There are many characters to distinguish great companies with others, such as innovation ideas, stunning development speed and outstanding leadership. However, not all great companies could rebound after their failure in some specific areas. As we all know, the case of Starbucks in Australia and Wal-Mart in Korea, both reveal the insurmountable local market differences and accordingly systematic slow responses could lead many business legends to be negative examples. To compare and research how to practice in this situation, we pick up the case from eBay and discuss how the strategy adjustments could help eBay come from behind to win.
eBay has a vision “to be the world’s personal trading community.”[i] Nevertheless, it struggled with early strategic moves in Asia, Japan and China in particular, and needed to reconsider its global strategy. In general, eBay sought global growth through acquisition and joint venture as way to gain quick access to markets and establish a leadership position. Since 1998 eBay has made 37 significant acquisitions globally, 25 of which amounted to $10.1 billion[ii]&[iii]. In Asia, three acquisitions of leading online marketplaces in South Korea, China, and India totaled $1.5 billion. eBay sites also exists in other Asian countries such as Taiwan and Thailand. Approximately 54% of eBay’s 2010 net revenue comes from international locations[iv], but revenues derived from Asian markets appear to be still much smaller.
eBay launched in Japan in February 2000 through a joint venture with NEC Corporation, where its first strategic missteps in Asia began. The crucial mistake was that eBay entered the market after Yahoo! Japan, who was the first-mover of online auctions in Japan. eBay also did not alter its US model to meet local market conventions. For example, eBay charged commissions for transactions while Yahoo! Japan did not, and it required credit card information in spite of the fact that use of credit cards was not as common in Japan as in the U.S. Furthermore, eBay hired a CEO who was new to the internet business and chose a subdued marketing approach in comparison to Yahoo!. As a result, eBay gained only a small share of the Japanese online auctions market and exited the country in March 2002.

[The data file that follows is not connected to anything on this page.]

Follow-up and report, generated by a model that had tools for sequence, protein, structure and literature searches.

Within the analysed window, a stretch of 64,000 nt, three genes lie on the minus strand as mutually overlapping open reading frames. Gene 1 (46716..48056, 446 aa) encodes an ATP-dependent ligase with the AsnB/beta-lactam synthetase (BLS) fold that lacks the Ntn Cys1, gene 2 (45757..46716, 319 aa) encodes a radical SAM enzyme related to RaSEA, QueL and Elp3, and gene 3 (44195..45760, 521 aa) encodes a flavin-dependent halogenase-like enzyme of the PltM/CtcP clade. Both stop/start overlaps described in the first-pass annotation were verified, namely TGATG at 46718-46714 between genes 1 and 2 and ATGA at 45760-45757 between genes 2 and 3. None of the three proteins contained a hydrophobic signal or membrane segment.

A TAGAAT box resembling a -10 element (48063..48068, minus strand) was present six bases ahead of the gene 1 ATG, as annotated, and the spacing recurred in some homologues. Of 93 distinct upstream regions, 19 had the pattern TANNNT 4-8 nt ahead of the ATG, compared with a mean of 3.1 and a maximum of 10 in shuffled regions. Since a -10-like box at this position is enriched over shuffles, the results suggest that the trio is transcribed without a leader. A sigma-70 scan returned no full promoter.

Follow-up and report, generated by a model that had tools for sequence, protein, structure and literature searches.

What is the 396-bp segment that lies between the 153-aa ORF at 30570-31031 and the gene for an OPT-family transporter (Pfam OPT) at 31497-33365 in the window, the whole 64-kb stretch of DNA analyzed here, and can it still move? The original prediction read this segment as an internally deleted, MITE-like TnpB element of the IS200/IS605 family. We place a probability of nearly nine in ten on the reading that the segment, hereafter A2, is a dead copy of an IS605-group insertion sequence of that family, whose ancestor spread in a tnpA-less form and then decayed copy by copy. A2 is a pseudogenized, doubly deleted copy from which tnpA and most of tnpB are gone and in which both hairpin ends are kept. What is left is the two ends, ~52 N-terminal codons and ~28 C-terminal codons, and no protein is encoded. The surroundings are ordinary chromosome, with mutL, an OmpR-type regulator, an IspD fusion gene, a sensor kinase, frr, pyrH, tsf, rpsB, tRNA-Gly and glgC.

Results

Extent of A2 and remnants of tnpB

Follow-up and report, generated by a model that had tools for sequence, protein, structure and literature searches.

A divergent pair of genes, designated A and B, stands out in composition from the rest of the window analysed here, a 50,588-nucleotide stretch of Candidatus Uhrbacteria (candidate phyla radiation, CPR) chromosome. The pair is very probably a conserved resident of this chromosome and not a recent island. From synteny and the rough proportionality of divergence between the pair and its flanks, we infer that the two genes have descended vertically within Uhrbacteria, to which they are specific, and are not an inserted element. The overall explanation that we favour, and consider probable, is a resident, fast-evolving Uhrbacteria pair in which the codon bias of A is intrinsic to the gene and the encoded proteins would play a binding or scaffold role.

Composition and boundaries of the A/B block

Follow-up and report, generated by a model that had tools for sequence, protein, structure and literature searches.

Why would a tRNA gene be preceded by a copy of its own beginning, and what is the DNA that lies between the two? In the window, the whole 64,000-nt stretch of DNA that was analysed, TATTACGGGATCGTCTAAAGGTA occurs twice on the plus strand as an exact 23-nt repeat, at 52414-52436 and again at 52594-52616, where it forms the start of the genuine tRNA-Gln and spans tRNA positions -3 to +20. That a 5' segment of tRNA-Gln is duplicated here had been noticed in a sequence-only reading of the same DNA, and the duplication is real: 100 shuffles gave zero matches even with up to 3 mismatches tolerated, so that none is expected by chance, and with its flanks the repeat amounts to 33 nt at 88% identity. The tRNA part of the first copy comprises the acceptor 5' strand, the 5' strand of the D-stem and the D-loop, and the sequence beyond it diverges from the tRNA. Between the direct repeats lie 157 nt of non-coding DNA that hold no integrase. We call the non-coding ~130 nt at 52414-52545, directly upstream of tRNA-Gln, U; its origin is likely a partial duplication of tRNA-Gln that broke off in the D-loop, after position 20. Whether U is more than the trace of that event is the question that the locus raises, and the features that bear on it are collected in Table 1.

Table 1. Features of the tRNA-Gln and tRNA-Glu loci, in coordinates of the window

A similar situation played out in China one year later. Upon acquisition of EachNet.com, a leading Chinese online auction house, eBay controlled 80 percent of the Chinese e-commerce market in 2003[v]. Again, eBay charged transaction fees while competitors offered free transactions. Chinese consumers also expected to hold live conversations to cultivate trust and obtain first-hand information. In addition, eBay’s PayPal payment method did not integrate escrow into the sales process. eBay failed to exert its three fundamental strengths in China market. Furthermore, eBay’s corporate management did not seem to capitalize on expertise of local management. An executive from eBay Germany was appointed as eBay China’s Chief Operating Officer, and eBay China’s executives complained that headquarters did not listen to their concerns regarding Chinese market. This sentiment was especially true for executives from original EachNet.com team. After only three years, in 2006, eBay surrendered to a local Chinese company, Taobao.com, who eclipsed it in the market.
eBay’s early strategic failures in Asia can best be summarized as limited local market know-how, a lack of innovative products and processes in the local market, and a centralized management style[vi]. However, eBay did not give up on Asia. It reentered China in 2007 and Japan in 2008, with a new strategic approach, which appears to have evolved from what eBay has learned from its early failures.
eBay devised a new strategic market by determining alternative customer needs. In China, the new strategy of eBay is not competing with Taobao.com directly, but to deliver differentiated global solutions by utilizing eBay’s international trading network; one of its global competitive advantages. This strategy targets sellers like Tang Fengyan[vii]. Tang Fengyan established a clothes shop four years ago. She discovered eBay offered her an ideal international selling platform. Last year her revenue reached $700,000. Despite its small domestic market share in China, Tang Fengyan is thinking seriously about international customers. To reach these customers, eBay is the exclusive platform, as Taobao.com remains focused on the domestic market. eBay has innovated and adopted its business model to the local market and integrated the business model with its new strategic market in order to regain competitive advantage. In 2010 eBay collaborated with China Postal and the U.S. Postal Service to create a service which allows international buyers to track products sold by Chinese sellers and Chinese sellers to provide free transportation to international buyers. The new business model is to establish linkage between local sellers and international buyers, referred to as its “transnational model” by eBay. eBay implemented this business model in Japan as well.